"There is a tension between the need to recycle paper and board and the need to keep food free from high levels of these mineral oils," says Dr Koni Grob, an analytical chemist who headed the research team based at the Official Food Control and points out that none of the three presently discussed solutions are easy to put into practice.

The first approach could be to use paperboard made by recycling carefully selected, cleaner starting materials. But when the team ran tests using board with a mineral oil concentration approximately 5 times lower than usual (apparently the best feasible), the mineral oil migration into the food still exceeded the limit about 7 times. "It is unlikely that the target can be reached by this approach," says Grob.

Secondly, manufacturers could use new wood fibres when making food packaging and transport boxes. "This change would be difficult for two reasons. Firstly you can't work fresh fibres on the same machines you use for recycled fibres, and at the moment there is no machinery to produce the enormous extra amounts of fresh fibre paperboard required to replace the recycled board. Secondly, it would trigger a massive increase in the demand for wood to supply them. All the wood growing in Switzerland would not be sufficient to supply Europe with the extra amount needed -- and Switzerland is well covered by forests," says Dr Grob.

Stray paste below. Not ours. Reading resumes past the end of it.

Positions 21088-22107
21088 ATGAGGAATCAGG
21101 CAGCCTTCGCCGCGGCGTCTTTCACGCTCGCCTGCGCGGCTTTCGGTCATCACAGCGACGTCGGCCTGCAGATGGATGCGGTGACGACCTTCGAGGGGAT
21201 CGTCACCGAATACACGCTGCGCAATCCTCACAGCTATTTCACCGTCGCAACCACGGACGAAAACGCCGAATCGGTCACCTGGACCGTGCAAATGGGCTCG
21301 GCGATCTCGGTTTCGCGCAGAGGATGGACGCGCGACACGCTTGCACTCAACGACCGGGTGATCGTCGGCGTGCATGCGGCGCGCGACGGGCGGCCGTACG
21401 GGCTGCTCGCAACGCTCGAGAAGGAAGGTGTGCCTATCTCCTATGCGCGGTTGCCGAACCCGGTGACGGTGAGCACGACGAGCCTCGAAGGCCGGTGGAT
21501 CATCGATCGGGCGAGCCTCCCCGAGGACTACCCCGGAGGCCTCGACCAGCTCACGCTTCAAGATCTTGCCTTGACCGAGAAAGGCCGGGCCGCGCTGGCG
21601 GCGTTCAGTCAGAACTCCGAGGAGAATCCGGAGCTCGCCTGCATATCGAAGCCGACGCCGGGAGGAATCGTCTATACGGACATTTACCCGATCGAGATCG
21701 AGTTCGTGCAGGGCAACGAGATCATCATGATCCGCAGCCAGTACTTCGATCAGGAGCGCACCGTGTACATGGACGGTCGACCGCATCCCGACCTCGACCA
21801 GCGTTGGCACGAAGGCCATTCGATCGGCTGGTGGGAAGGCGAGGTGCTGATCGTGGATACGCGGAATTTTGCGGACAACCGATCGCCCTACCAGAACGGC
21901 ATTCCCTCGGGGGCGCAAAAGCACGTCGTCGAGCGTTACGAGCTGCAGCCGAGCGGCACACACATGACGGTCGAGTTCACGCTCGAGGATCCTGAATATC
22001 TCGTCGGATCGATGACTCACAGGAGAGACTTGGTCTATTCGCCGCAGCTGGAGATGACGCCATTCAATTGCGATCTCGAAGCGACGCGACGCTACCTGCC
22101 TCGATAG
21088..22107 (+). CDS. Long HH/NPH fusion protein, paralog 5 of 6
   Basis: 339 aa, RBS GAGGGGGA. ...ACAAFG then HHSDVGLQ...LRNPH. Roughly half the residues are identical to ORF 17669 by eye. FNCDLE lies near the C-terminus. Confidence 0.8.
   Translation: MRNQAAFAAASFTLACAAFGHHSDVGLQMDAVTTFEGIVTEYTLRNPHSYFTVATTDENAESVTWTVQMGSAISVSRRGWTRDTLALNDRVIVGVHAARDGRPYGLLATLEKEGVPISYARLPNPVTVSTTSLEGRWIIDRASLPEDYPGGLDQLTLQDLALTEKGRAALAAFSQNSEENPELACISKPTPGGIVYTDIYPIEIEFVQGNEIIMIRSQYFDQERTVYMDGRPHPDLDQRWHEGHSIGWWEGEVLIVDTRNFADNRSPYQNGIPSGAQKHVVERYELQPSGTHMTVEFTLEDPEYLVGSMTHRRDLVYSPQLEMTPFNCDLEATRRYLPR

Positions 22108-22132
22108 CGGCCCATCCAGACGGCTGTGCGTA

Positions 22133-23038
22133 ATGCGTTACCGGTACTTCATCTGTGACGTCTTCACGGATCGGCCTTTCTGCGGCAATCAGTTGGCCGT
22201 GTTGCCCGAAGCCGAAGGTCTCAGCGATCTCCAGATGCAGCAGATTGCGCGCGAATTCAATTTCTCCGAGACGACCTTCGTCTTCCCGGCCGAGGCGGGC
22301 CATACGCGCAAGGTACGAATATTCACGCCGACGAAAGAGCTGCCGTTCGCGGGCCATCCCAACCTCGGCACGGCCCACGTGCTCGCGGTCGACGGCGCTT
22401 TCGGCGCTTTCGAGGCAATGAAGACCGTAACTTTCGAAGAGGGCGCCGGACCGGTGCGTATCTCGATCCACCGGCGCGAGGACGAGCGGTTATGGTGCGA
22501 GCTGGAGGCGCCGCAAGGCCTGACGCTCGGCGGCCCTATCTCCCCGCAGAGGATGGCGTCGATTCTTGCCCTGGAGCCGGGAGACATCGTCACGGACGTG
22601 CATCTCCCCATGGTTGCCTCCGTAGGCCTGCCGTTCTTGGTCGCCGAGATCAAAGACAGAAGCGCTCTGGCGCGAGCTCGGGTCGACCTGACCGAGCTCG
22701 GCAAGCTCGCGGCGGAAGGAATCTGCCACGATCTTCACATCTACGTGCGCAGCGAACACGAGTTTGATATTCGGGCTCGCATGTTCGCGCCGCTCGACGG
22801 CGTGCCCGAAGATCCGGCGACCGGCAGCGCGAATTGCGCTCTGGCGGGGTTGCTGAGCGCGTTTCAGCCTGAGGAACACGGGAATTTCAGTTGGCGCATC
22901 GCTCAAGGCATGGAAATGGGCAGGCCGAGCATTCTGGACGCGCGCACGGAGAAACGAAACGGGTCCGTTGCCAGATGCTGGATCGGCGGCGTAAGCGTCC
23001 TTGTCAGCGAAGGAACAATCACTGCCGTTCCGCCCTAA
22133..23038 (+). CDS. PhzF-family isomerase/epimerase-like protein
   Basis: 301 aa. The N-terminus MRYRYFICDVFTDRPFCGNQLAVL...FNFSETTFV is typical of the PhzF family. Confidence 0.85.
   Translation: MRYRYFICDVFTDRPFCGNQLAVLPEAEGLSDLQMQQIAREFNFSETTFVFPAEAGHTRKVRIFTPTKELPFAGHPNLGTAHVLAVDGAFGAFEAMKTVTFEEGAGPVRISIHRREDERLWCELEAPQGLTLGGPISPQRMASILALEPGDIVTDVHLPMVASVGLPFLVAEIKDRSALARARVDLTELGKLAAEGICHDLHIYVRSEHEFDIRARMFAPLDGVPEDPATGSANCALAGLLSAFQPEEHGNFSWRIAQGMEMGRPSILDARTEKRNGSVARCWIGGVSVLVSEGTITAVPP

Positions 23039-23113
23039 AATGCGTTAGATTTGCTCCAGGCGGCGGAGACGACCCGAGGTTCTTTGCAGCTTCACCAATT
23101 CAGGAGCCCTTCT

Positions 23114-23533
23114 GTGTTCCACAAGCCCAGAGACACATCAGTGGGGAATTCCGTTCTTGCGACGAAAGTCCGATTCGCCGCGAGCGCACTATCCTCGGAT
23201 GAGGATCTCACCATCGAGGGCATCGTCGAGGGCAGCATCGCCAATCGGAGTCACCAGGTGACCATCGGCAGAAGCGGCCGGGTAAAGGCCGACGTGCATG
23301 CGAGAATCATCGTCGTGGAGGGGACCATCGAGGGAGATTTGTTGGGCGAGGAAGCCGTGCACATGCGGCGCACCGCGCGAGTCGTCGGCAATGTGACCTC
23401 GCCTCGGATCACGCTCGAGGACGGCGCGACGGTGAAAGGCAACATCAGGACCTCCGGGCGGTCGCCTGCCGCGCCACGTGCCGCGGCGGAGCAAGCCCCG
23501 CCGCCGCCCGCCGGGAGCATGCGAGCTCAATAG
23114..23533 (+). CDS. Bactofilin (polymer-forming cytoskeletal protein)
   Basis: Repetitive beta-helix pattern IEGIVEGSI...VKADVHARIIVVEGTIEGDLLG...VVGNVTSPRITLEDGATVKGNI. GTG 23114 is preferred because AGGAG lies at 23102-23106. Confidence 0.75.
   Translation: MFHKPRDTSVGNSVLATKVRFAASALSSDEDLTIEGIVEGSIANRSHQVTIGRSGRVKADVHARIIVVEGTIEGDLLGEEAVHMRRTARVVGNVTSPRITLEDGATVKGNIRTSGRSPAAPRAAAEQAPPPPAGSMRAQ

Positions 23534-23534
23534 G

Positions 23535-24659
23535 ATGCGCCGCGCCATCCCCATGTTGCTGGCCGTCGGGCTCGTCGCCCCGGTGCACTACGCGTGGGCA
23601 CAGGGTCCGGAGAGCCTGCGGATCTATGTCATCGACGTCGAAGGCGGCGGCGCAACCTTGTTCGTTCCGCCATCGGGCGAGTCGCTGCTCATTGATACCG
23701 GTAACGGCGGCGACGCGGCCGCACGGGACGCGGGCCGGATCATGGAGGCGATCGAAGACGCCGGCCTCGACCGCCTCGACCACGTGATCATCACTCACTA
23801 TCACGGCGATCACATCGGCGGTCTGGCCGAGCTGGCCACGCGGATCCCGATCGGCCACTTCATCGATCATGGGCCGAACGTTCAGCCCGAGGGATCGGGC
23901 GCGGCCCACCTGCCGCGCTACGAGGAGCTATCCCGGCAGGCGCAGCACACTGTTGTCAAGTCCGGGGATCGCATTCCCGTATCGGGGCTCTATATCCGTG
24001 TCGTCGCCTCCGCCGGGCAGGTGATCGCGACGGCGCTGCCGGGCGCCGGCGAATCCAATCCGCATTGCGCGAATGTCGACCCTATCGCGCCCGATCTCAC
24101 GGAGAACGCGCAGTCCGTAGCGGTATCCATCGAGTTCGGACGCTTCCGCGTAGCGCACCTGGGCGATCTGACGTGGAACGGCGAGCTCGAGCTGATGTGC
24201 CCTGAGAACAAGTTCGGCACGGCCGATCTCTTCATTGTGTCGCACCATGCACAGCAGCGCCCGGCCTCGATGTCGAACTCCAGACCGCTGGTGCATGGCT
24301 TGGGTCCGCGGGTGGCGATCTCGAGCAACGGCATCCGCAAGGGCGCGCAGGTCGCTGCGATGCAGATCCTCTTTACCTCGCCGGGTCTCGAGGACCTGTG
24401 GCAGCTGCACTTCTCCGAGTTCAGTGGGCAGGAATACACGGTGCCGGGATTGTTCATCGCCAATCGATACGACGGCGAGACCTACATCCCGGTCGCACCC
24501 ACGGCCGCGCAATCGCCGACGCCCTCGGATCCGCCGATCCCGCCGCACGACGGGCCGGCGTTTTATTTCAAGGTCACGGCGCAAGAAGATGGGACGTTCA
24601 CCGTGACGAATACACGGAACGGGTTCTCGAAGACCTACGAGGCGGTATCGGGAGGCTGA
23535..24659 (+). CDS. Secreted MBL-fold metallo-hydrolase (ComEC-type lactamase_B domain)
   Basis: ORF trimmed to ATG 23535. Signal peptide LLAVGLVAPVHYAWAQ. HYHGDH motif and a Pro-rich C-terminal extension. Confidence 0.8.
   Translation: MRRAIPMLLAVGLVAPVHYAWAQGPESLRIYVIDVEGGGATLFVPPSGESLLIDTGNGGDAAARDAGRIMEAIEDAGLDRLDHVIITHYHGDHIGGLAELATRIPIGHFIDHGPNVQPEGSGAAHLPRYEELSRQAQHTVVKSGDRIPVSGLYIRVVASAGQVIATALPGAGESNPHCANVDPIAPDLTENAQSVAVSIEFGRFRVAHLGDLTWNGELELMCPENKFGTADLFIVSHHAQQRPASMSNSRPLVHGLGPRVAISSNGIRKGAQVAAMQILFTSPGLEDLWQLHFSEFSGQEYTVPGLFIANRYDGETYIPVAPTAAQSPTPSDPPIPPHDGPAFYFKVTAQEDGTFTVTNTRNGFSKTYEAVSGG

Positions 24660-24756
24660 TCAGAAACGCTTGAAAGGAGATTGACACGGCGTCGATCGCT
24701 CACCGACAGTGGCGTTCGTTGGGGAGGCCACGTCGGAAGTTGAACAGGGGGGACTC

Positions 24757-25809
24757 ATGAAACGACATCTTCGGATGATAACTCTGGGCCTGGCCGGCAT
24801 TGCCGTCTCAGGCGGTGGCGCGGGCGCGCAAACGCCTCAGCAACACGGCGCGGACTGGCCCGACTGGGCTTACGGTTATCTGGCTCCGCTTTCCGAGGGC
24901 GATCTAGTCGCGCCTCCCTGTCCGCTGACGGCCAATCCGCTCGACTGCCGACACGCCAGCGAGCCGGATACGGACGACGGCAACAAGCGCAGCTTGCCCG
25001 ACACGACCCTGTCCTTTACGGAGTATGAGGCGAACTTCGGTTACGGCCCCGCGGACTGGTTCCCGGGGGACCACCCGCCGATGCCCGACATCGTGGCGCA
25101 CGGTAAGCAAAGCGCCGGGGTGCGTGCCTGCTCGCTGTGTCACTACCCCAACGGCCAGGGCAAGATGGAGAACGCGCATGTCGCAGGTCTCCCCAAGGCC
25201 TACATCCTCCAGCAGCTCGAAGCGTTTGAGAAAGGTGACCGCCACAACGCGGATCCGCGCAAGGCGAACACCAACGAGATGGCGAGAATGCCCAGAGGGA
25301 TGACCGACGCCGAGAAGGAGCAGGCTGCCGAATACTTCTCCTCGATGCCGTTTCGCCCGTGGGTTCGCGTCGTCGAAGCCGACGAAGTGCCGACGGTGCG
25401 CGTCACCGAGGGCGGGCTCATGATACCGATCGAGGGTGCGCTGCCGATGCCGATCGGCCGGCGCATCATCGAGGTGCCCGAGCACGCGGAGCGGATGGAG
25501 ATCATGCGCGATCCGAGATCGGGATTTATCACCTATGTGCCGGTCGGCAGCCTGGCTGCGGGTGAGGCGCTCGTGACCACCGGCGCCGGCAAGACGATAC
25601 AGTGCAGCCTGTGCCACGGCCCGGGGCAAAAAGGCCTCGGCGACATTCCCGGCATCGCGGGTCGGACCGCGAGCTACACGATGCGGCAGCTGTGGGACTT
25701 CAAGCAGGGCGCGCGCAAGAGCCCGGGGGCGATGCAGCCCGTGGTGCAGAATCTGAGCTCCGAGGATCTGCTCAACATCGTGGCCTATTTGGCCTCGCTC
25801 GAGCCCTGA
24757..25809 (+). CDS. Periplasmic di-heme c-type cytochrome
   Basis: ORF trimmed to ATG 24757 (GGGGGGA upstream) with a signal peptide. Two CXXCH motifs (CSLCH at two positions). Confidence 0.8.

Thirdly, manufactures could introduce functional barriers against the migration of mineral oil, either as internal bags or lining the boxes with materials such as special plastics. This might be the way to go, but the technology is not ready and the recyclability of lined paperboard needs to be tested.

Many companies have realised the problem and recently some have changed their packaging materials to fresh fibre paperboard printed with inks free of mineral oil. "But they are still using recycled card in the corrugated board transport boxes which renders their efforts fruitless," says Dr Grob. "In terms of amounts of food packaging material involved, this problem exceeds all those experienced in the past. It needs to be addressed with corresponding care."